Real time location of anything that moves is now easy to do and cost effective. Any emergency vehicle, delivery truck, road maintenance equipment, service vehicle etc. can be tracked using wireless networks (like your cellular phone) or satellite. This has obvious benefits for allocation, control, and planning the use and location of vehicle fleets. It means that for inspectors, maintenance crews, emergency services and others who need to travel to locations can be electronically guided without the need for paper maps – and be provided with detailed information on the destination.
Hand held computers are now smart, low cost, and portable using wireless technology. They offer the possibilities of recording information indirectly for inventory, data collection and communication. We have all seen the rapid rise in the use of “Blackberrys” for phone and e-mail. These and similar devices will become much faster and be used for recording things like time sheets, building inspections, equipment and vehicle inventories, the use of equipment and services etc.
Electronic Document Management
All governments and larger private sector organizations face a growing problem of what to do with the billions of electronic documents created each day. And for IT departments how to store, secure, and make instantly available any byte of the many terabytes of data. The picture is further complicated by Federal, Provincial, and Local legislation which sets rules as to who can or cannot see particular documents, who has responsibility for them, and when they must be filed or destroyed. The City is already looking at software to help to deal with the electronic copies of documents, e-mails, faxes, maps etc.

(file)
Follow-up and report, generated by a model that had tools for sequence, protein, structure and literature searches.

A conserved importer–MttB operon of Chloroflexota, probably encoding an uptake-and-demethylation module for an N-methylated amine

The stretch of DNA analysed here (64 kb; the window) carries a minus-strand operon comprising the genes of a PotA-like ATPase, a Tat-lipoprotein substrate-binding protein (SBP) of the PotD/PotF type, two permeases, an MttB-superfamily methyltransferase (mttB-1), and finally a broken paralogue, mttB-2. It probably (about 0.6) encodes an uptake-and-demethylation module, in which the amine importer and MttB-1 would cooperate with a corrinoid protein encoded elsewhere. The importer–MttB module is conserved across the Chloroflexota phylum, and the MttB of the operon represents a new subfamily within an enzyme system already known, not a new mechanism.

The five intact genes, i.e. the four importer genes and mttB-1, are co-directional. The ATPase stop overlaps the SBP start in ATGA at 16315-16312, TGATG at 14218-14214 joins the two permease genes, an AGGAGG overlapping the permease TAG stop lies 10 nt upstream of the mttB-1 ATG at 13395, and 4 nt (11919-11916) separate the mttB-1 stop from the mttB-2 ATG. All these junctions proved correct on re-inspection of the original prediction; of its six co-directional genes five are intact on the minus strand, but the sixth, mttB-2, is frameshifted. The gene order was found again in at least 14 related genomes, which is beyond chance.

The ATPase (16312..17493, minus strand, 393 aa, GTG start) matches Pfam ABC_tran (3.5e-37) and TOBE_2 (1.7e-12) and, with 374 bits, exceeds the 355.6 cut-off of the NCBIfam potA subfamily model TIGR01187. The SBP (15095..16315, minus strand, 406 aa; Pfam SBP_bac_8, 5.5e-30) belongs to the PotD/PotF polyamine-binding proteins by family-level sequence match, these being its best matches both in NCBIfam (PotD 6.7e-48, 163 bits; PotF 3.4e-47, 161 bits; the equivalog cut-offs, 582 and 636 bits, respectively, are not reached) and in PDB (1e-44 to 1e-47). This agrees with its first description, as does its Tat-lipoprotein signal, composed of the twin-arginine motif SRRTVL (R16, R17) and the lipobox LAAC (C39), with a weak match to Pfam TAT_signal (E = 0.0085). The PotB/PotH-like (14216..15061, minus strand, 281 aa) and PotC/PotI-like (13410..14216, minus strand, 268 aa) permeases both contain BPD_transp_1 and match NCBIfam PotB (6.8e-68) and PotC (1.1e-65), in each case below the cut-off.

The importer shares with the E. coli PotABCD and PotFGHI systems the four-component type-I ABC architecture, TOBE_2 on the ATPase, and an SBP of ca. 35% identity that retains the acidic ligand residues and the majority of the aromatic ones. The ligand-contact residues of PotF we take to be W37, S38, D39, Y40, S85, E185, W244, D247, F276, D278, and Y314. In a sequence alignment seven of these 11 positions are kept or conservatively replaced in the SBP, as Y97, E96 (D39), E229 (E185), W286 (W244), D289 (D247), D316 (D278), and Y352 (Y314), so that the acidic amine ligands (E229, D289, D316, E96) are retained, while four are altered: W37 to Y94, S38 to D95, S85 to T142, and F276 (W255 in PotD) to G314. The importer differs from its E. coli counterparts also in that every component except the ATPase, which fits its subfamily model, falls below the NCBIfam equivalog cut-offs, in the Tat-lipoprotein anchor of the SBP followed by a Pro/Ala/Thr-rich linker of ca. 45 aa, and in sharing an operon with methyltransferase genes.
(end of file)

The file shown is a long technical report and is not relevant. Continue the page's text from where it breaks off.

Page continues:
Business Continuity and Disaster Recovery
The ITO will continue to update and improve the infrastructure, and accommodate expansion and new applications to make sure that City software and data is recoverable and can be quickly restored to full operation in the event of any kind of business interruption – from a desk top PC breakdown to a full scale earthquake!
To do this, the ITO will continue to review applications and data as well as provide secure off site location for frequent copies. As more and more information updates databases with tens of thousands of transactions each day it can become necessary to implement services which recover to the second before a breakdown – further increasing demand for storage and recovery services.
Information Technology Infrastructure Expansion
The projects described above create the need for more disk space, more data bases, faster and more servers, increases in wireless and wired network capacity as well as continuous replacement of desk top and other equipment made obsolete by new developments in hardware and software.Go to Top